This is a terrible time for journalists.

Just last week, the world watched in horror as James Foley, a freelance photojournalist for GlobalPost and Agence France-Presse, was beheaded by a jihadist from the Islamic State. The disturbing video suggests that the perpetrators intend to target more journalists if their demands are not met.

There is something particularly chilling about murdering those seeking only to inform, about reporters around the world having to fear for their lives. But right here at home, we’re seeing a less lethal, yet still deeply troubling threat to journalism.

In recent days, all eyes have been on Ferguson, Mo., where the shooting of unarmed black teenager Michael Brown on Aug. 9 touched off citywide protests and a national debate over racism, equal justice and police brutality. But if local Ferguson police had their way, there would be little or no coverage at all.

Since the killing, Ferguson law enforcement have arrested or detained at least 10 journalists , and tried to silence many more. They’ve escalated violence against the media, shooting tear gas canisters at reporters and dismantling cameras and lighting equipment. The Post’s Wesley Lowery was slammed into a soda machine and arrested after disregarding an illegal order to stop filming. “Don’t resist,” one cop threatened an Al Jazeera reporter. “I’ll bust your head right here.”

Some media critics have argued that journalists are behaving irresponsibly, that instead of providing unbiased coverage, they risk becoming the story. But it is a story — an essential one — when our supposedly free press is prevented from doing its vital duty.

President Obama was absolutely right in his Aug. 18 remarks on Ferguson: “Our constitutional rights . . . to report in the press must be vigilantly safeguarded.” And yet, in areas outside of Missouri, White House actions regarding press freedom have been at best, unconscionable and at worst, unconstitutional.

Take the case of James Risen. A New York Times reporter, Risen is being subpoenaed to testify in the Justice Department case against one of his alleged sources. He has opted for jail time rather than “giv[ing] up everything I believe in.” Risen knows that journalists cannot fulfill their duty to investigate the government and hold elected officials accountable if they cannot guarantee the anonymity of their sources.

The Espionage Act with which Risen is being threatened has become one of the Obama administration’s favorite tools: It has charged more U.S. whistleblowers under the World War I-era law than all other presidents combined. And, as I’ve written previously, this administration has waged an aggressive campaign against reporters and those who leak information to them.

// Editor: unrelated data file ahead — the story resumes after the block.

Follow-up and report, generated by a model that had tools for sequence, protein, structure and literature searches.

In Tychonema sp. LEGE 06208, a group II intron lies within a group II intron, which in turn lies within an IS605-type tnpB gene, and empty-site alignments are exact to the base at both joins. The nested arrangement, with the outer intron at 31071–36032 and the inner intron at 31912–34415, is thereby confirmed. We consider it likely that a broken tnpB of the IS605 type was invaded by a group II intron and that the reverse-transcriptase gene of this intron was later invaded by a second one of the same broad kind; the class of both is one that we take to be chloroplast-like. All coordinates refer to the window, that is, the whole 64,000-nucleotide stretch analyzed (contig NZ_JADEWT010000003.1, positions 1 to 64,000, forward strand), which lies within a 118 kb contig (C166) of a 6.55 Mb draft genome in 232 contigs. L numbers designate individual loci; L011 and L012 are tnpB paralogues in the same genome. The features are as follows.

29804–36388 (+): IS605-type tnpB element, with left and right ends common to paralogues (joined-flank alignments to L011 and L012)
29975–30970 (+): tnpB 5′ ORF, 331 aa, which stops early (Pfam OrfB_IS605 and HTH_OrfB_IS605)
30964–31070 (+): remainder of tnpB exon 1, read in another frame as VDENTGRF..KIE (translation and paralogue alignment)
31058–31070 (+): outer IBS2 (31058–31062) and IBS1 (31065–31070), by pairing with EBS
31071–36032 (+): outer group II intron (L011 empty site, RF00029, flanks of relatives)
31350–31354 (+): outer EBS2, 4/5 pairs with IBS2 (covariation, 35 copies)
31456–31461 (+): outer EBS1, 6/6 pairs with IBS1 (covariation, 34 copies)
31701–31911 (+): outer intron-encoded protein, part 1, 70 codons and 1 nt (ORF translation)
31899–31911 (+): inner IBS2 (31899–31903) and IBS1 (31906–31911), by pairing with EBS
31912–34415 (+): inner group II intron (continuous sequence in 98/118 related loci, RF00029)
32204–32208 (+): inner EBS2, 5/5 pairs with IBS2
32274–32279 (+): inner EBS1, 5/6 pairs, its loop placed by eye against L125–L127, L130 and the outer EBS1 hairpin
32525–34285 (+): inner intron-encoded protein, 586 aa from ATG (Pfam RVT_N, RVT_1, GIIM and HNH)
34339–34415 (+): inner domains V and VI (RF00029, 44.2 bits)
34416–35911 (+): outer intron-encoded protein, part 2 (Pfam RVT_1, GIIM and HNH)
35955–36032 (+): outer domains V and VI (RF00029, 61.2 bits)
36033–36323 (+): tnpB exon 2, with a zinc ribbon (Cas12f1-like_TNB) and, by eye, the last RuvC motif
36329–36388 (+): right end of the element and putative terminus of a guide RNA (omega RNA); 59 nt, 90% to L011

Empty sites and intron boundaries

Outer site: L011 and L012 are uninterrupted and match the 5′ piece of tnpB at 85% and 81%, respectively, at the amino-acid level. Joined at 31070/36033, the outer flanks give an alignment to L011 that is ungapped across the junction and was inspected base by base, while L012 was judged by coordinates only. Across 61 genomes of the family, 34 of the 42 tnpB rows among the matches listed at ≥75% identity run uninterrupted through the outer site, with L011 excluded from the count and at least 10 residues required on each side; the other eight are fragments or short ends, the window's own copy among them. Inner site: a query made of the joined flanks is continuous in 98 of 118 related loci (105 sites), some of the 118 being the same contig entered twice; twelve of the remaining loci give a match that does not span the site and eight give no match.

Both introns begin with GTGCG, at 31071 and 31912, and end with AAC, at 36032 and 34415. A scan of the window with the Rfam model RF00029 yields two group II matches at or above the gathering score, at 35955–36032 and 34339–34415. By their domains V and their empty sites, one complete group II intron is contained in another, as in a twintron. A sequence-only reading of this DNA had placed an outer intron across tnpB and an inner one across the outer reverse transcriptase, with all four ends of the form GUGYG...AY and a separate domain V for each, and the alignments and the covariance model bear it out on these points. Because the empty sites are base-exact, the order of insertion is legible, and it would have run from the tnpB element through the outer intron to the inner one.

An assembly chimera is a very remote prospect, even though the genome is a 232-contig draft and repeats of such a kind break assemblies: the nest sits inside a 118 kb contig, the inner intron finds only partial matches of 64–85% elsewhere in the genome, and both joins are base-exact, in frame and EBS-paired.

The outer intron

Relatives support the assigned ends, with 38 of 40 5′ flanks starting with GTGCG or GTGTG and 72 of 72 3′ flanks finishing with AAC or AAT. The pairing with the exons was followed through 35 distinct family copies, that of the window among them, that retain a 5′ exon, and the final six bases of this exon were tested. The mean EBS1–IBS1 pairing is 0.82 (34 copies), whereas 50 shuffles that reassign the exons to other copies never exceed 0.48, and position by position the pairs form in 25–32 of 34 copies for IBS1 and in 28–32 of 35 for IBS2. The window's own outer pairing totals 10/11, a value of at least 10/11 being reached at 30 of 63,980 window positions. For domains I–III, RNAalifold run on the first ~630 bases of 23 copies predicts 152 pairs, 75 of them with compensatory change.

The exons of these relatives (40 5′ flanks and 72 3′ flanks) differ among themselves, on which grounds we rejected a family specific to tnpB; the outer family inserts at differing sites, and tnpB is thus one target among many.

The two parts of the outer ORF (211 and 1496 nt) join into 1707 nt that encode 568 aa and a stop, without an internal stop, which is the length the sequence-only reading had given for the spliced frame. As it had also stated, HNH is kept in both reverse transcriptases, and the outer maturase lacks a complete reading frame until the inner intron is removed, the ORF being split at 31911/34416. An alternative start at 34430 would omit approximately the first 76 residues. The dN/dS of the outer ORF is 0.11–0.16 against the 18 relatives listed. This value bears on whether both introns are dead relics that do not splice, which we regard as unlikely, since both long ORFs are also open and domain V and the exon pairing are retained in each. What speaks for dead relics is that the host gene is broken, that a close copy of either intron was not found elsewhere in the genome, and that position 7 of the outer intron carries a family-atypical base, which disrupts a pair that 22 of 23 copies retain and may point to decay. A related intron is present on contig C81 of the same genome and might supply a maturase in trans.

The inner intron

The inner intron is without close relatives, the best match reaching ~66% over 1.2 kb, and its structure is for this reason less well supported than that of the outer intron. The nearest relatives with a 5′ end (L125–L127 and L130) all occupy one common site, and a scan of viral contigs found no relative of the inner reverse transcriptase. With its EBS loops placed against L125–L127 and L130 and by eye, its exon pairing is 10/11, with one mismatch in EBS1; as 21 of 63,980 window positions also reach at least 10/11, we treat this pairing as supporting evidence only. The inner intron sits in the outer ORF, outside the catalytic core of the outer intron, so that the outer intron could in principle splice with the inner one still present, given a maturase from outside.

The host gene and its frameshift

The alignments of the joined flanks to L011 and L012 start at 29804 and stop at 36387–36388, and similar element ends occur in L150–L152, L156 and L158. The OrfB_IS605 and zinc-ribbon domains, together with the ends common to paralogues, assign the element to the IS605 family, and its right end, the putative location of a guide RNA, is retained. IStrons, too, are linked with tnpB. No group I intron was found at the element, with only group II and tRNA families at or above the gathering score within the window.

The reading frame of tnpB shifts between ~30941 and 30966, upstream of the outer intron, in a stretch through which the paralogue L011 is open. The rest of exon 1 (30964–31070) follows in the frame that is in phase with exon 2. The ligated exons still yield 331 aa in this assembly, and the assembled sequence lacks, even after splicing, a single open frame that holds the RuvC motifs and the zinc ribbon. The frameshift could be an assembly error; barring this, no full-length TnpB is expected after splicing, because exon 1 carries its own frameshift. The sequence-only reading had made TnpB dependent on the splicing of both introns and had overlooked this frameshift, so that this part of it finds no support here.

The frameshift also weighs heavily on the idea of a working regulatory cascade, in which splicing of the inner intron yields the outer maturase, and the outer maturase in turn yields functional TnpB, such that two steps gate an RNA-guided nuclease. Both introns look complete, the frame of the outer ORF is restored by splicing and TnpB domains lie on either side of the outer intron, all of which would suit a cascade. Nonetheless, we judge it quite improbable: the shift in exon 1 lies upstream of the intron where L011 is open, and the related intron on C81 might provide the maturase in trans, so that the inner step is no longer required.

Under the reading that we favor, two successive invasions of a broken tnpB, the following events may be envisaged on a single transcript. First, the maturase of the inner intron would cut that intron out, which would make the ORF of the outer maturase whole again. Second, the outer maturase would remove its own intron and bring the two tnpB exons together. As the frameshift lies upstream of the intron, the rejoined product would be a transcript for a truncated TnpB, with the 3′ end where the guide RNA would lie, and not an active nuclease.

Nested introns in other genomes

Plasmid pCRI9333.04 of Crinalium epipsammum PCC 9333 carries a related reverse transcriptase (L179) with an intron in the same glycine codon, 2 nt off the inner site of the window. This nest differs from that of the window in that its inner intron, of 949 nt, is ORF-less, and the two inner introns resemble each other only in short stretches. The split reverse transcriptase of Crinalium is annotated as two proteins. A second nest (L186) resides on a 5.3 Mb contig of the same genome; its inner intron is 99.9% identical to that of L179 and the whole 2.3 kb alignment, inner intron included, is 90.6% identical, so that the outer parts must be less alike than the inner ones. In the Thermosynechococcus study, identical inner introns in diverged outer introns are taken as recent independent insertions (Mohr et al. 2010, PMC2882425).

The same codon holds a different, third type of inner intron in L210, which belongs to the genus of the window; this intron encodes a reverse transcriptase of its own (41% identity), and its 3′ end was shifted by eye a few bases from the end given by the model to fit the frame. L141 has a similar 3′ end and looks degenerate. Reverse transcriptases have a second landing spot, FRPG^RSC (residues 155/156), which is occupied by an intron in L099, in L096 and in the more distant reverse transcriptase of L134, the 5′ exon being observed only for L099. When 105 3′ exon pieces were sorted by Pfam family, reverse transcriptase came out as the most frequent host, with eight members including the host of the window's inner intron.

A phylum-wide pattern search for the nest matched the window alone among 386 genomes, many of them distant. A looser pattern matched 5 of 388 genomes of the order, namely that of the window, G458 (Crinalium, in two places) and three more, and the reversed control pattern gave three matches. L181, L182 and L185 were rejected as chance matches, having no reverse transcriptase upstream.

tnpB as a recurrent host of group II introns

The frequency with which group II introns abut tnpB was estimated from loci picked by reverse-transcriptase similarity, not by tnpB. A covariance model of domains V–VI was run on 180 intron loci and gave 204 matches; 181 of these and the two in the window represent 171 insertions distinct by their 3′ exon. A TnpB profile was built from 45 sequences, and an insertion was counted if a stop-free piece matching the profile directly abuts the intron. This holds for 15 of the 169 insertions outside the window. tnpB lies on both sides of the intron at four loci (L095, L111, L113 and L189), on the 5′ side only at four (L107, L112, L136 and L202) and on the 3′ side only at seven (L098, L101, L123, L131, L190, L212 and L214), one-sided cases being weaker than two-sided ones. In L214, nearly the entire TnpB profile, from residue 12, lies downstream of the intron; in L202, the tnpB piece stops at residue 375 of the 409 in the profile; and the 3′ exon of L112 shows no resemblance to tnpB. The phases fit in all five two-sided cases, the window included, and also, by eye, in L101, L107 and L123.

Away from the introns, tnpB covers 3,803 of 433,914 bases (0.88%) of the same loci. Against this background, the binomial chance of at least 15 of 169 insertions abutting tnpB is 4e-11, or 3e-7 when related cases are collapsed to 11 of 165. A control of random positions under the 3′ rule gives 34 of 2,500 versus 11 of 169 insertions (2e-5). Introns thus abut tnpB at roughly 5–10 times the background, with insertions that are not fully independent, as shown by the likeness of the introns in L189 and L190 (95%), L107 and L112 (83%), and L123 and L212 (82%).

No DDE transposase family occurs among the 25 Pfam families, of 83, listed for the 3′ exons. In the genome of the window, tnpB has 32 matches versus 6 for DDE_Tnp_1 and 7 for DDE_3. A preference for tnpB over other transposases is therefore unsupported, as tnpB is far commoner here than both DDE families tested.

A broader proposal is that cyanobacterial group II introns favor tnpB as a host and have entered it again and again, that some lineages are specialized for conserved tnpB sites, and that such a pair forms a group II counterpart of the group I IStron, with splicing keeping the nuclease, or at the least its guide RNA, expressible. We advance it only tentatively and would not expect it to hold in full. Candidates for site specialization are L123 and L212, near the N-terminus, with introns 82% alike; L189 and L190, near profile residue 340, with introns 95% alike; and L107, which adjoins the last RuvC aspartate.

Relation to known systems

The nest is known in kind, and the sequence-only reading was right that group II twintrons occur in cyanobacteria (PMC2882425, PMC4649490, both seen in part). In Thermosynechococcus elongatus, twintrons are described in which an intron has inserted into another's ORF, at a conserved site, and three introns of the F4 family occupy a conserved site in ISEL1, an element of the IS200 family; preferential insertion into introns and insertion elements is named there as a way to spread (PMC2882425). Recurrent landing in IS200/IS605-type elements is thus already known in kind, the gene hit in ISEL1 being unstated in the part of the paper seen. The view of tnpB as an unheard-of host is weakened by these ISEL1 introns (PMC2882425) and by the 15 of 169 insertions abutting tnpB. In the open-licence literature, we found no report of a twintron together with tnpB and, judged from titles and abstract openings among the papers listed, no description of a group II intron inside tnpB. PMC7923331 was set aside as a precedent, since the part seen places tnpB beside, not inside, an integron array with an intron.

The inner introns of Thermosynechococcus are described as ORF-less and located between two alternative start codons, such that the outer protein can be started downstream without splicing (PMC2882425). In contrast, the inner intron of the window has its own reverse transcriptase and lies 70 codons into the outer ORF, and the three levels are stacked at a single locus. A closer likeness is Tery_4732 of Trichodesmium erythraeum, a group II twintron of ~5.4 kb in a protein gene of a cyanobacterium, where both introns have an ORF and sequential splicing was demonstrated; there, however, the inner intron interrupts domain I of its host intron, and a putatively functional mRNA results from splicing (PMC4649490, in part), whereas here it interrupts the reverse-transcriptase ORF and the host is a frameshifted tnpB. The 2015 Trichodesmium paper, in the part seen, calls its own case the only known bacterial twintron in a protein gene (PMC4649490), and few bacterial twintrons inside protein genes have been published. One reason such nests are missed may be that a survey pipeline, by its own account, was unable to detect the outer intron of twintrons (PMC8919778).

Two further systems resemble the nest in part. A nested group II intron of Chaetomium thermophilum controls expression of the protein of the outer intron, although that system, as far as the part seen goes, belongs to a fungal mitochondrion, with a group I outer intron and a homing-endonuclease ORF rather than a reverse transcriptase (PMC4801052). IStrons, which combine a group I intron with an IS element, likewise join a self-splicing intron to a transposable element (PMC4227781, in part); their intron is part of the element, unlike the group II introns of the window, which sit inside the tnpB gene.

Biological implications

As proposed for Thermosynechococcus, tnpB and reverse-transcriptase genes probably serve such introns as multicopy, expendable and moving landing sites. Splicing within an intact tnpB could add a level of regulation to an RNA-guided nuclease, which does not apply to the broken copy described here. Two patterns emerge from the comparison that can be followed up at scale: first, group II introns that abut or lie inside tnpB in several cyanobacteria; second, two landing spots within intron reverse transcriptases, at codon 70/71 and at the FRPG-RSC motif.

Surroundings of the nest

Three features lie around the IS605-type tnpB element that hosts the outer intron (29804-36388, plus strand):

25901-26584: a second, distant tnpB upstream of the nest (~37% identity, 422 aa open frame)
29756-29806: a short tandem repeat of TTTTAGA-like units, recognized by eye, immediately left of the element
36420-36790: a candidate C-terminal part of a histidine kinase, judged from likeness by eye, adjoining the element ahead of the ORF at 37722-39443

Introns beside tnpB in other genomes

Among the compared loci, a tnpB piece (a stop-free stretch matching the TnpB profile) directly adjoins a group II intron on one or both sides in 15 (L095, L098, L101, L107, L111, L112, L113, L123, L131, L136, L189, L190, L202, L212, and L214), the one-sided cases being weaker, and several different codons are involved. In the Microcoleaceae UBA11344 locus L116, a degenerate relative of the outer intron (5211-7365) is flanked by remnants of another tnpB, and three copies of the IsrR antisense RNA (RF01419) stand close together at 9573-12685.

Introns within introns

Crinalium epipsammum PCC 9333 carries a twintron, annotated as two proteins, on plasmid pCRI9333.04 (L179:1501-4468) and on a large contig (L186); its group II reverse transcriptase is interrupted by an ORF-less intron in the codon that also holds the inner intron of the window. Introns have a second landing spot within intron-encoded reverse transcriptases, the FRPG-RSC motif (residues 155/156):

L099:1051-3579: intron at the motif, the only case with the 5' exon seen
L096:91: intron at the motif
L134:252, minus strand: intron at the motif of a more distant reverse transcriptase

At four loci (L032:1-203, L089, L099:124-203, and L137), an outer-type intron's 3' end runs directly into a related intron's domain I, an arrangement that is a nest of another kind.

There is an indelible connection between what is happening in Ferguson and what is happening in Washington. In both places, and in cities all over the country, journalists — the very watchdogs of our freedom — are being intimidated and suppressed. This is a dangerous road to travel. Journalism is not a footnote to politics. It is not an addendum to history. A free press is the very lifeblood of democratic representation.

It was the muckraking work of Upton Sinclair that alerted the nation to the scourge of the Chicago meatpacking industry. It was the meticulous reporting of Bob Woodward and Carl Bernstein that curbed a president’s abuse of power. It was the graphic images of fire hoses and dogs at the Children’s Crusade that breathed new life into the Civil Rights Movement. As John Lewis said, “If it hadn’t been for the American media . . . a free press, the civil rights movement would have been like a bird without wings.” It is the intrepid reporters who questioned the CIA’s tactics, who unveiled the National Security Agency’s wiretapping program, who challenge the decisions of the powerful and, yes, shine an unwavering light on Ferguson.

As my Nation colleague John Nichols wrote, “When journalists are harassed, intimidated, threatened and detained, the basic premise of democracy — that the great mass of people, armed with information and perspective, and empowered to act upon it, will set right that which is made wrong by oligarchs — is assaulted.”

Recent events are stirring people into action. In Risen’s defense, a coalition of media groups submitted a petition with 100,000 signatures to the Justice Department.

Americans see the sinister alternative to a free press in other countries: from Al Jazeera correspondents arrested in Egypt, to dissident Web sites gutted in Russia, to Mexican journalists abducted and murdered by drug cartels, to Russian journalists detained in Ukraine. While U.S. officials condemn such assaults abroad — and rightfully so — it’s time they show an equal commitment to our own vital principle of a free media.

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